Hardly had land operations commenced in Canada during the War of 1812, when British officers in North America and adjacent waters began to recommend a diversion somewhere to the southward to relieve the pressure at the north. As early as November 1812, Admiral Sir John Borlase Warren, British commander on the North American station, suggested the shores of the Gulf of Mexico as the proper place, especially New Orleans. Seizure of that city, he said, would throttle the states of Ohio, Kentucky, and Tennessee, which were then spearheading the war against Upper Canada.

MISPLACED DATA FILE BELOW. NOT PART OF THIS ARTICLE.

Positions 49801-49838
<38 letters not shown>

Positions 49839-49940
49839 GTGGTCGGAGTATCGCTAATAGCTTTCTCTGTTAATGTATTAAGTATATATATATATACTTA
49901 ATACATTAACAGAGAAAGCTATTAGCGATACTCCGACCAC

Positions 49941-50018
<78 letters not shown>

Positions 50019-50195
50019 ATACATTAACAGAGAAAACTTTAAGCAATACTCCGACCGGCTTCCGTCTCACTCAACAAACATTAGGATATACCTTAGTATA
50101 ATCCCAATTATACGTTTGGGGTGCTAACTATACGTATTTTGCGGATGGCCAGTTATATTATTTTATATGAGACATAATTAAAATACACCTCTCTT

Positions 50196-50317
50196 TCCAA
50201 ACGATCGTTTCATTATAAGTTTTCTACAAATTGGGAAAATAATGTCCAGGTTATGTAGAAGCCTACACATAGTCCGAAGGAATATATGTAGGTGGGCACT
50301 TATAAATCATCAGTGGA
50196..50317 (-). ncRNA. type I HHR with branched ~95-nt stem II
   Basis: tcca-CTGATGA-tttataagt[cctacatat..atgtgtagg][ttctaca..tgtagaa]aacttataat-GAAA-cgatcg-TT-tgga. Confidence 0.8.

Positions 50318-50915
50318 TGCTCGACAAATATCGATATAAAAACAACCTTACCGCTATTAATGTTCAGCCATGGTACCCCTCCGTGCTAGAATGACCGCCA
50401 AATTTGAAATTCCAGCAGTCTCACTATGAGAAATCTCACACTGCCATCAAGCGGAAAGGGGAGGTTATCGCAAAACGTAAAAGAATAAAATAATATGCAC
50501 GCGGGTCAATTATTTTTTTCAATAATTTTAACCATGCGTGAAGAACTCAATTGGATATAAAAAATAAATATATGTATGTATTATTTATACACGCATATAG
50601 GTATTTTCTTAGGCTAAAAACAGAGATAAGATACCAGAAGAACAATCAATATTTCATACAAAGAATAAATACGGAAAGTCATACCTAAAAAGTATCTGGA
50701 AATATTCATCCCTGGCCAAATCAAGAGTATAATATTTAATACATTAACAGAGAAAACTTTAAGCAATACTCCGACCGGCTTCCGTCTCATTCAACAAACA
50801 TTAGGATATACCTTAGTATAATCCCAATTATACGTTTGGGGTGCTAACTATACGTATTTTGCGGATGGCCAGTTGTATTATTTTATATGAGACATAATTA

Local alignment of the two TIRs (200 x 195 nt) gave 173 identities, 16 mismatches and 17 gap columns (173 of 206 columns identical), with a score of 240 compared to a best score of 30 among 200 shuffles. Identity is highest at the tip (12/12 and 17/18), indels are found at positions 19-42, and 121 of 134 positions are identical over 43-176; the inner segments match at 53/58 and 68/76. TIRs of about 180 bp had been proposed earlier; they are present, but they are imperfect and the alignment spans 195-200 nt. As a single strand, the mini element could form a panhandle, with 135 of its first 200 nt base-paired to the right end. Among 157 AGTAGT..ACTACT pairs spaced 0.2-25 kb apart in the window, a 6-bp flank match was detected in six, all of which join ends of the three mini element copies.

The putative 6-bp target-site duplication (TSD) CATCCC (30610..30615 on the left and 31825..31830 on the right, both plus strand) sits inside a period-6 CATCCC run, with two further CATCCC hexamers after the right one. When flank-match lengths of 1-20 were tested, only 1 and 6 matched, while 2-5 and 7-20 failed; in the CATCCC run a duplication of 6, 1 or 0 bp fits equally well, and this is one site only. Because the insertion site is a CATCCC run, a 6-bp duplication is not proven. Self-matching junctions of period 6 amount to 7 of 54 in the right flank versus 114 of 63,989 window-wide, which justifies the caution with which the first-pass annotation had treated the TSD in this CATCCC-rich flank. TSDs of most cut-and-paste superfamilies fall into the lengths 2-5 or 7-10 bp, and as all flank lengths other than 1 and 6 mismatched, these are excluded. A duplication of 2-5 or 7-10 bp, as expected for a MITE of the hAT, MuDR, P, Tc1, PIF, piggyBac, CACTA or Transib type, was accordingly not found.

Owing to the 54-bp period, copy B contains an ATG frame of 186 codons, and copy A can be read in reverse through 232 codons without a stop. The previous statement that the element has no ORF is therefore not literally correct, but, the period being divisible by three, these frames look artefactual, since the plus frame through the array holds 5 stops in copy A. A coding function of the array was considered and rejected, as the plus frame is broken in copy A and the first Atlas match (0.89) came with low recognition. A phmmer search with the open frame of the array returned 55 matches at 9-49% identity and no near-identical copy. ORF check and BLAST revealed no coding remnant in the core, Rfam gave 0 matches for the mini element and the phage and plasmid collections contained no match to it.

Mahon, John K.
"British Strategy and Southern Indians: War of 1812,"
Florida Historical Quarterly: Vol. 44:
4, Article 4.
Available at: https://stars.library.ucf.edu/fhq/vol44/iss4/4